Two to three inches of snow fell in many parts of the Washington metropolitan area last night before the year's fourth snowstorm began diminishing into minor flurries.

Accumulations were heaviest in the southern part of the area, in such locations as Prince William Country, Va., and the lower portion of Prince George's County, Md.

With only about an inch or two of snow on the ground in much of the northern suburbs and in the city itself, gaps in the clouds appeared overhead about 1:30 a.m. and the storm seemed almost over.

National Weather Service forecasters said that slippery streets and roads would be one of the storm's principal hazards.

Although highway maintenance crews were at work in growing strength last night, roads were described as increasingly slick as temperatures dropped. There were many reports of minor accidents and of disabled vehicles. d

Washington was only grazed last night by the northern edge of a major snow storm that swept toward the Atlantic Coast from the Midwest, where it had brought record levels of snow to parts of Missouri.

Virginia points well to the south of the Washington area were expected to get substantially greater amounts of snow. Four to six inches was reported last night in the Roanoke area, with snow still falling.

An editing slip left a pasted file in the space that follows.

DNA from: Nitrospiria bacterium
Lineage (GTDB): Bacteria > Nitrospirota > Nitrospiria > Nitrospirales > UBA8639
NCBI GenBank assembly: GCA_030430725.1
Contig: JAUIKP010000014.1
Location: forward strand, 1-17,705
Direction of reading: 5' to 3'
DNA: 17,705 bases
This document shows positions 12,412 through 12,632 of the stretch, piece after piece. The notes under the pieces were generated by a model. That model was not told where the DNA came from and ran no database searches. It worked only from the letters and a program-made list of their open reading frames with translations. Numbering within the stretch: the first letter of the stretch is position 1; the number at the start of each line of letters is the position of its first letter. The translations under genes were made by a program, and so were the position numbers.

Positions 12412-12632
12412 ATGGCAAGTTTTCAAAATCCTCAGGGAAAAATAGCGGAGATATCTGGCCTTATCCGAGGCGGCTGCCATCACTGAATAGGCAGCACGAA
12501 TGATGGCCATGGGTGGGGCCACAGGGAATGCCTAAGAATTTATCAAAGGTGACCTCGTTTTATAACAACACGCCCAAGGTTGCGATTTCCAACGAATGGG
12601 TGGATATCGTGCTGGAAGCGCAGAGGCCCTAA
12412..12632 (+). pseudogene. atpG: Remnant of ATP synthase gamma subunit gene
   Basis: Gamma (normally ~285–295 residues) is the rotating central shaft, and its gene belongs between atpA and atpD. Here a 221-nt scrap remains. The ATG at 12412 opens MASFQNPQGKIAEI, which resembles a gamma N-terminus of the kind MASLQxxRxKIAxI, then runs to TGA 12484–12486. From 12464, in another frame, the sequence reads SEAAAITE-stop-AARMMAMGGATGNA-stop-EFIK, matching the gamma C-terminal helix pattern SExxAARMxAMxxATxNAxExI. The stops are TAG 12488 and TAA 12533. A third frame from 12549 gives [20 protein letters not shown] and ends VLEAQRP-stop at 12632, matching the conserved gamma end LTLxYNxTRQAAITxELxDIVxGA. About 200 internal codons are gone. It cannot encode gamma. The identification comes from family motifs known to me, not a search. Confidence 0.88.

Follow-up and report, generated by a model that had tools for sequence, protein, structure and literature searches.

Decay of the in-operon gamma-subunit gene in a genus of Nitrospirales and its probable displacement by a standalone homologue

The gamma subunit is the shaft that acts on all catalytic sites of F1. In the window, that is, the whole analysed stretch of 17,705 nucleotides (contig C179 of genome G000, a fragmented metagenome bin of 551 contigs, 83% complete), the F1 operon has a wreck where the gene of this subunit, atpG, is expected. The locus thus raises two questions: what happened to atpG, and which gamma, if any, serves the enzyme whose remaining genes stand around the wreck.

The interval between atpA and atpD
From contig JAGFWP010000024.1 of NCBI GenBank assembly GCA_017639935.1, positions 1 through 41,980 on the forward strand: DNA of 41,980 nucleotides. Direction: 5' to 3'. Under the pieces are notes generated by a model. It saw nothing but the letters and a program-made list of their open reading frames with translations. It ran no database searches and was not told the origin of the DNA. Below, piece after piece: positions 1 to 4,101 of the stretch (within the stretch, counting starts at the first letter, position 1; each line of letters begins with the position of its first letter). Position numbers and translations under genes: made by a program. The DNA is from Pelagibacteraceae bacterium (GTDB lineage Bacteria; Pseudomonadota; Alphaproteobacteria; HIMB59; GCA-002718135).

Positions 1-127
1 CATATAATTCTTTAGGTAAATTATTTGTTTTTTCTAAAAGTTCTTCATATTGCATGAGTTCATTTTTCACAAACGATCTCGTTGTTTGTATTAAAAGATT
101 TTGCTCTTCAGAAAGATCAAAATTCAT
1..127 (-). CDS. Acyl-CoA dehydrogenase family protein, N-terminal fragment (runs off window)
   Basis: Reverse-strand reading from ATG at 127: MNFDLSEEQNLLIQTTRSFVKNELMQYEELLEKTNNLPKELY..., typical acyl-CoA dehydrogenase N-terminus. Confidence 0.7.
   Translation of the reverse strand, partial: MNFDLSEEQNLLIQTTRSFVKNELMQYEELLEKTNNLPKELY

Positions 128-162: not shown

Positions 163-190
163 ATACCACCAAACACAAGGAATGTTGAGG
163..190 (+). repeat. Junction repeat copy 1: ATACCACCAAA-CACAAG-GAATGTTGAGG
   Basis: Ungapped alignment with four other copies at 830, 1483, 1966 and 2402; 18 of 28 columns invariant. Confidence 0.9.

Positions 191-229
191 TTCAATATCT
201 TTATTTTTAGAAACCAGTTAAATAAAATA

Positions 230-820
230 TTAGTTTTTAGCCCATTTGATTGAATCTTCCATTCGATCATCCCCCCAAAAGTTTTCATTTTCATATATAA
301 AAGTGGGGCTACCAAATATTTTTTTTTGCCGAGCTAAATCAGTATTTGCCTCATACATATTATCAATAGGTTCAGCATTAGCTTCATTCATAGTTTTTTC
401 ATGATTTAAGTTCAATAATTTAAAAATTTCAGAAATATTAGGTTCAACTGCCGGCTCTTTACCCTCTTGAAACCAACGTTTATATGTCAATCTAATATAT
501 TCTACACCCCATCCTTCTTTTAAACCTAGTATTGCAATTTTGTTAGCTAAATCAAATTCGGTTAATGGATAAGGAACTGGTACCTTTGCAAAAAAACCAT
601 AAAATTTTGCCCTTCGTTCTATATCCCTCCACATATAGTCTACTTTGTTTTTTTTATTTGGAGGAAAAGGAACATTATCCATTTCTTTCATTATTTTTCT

In the Tidewater region, where as much as 15 inches fell during Wednesday's record snowstorm, as much as four to six inches of new snow was expected from last night's storm.

In the Washington area snow fell in many locations throughout the afternoon, but there were few reports of measurable accumulations until after dark.

By early evening, grassy areas, car tops and tree branches in downtown Washington began wearing coats of white. Streets were either gray with slush or glittering black under a coat of melted snow.

By about midnight one to two inches of snow was reported on many District streets. About an inch of snow was measured in Montgomery County, two to three inches in northern Prince George's, and three to three and a half inches in southern Prince George's.

About three inches of snow was reported in Prince William County.

Trucks began spreading abrasives last night on the District's bridges, first to freeze, and planned to turn next to the city's major arterial routes.

In addition to the fact that the brunt of the storm was expected well south of the city, local highway departments' snowy evening task was eased by one more significant factor in the Washington snow equation: Today is Sunday and there will be no morning rush hour.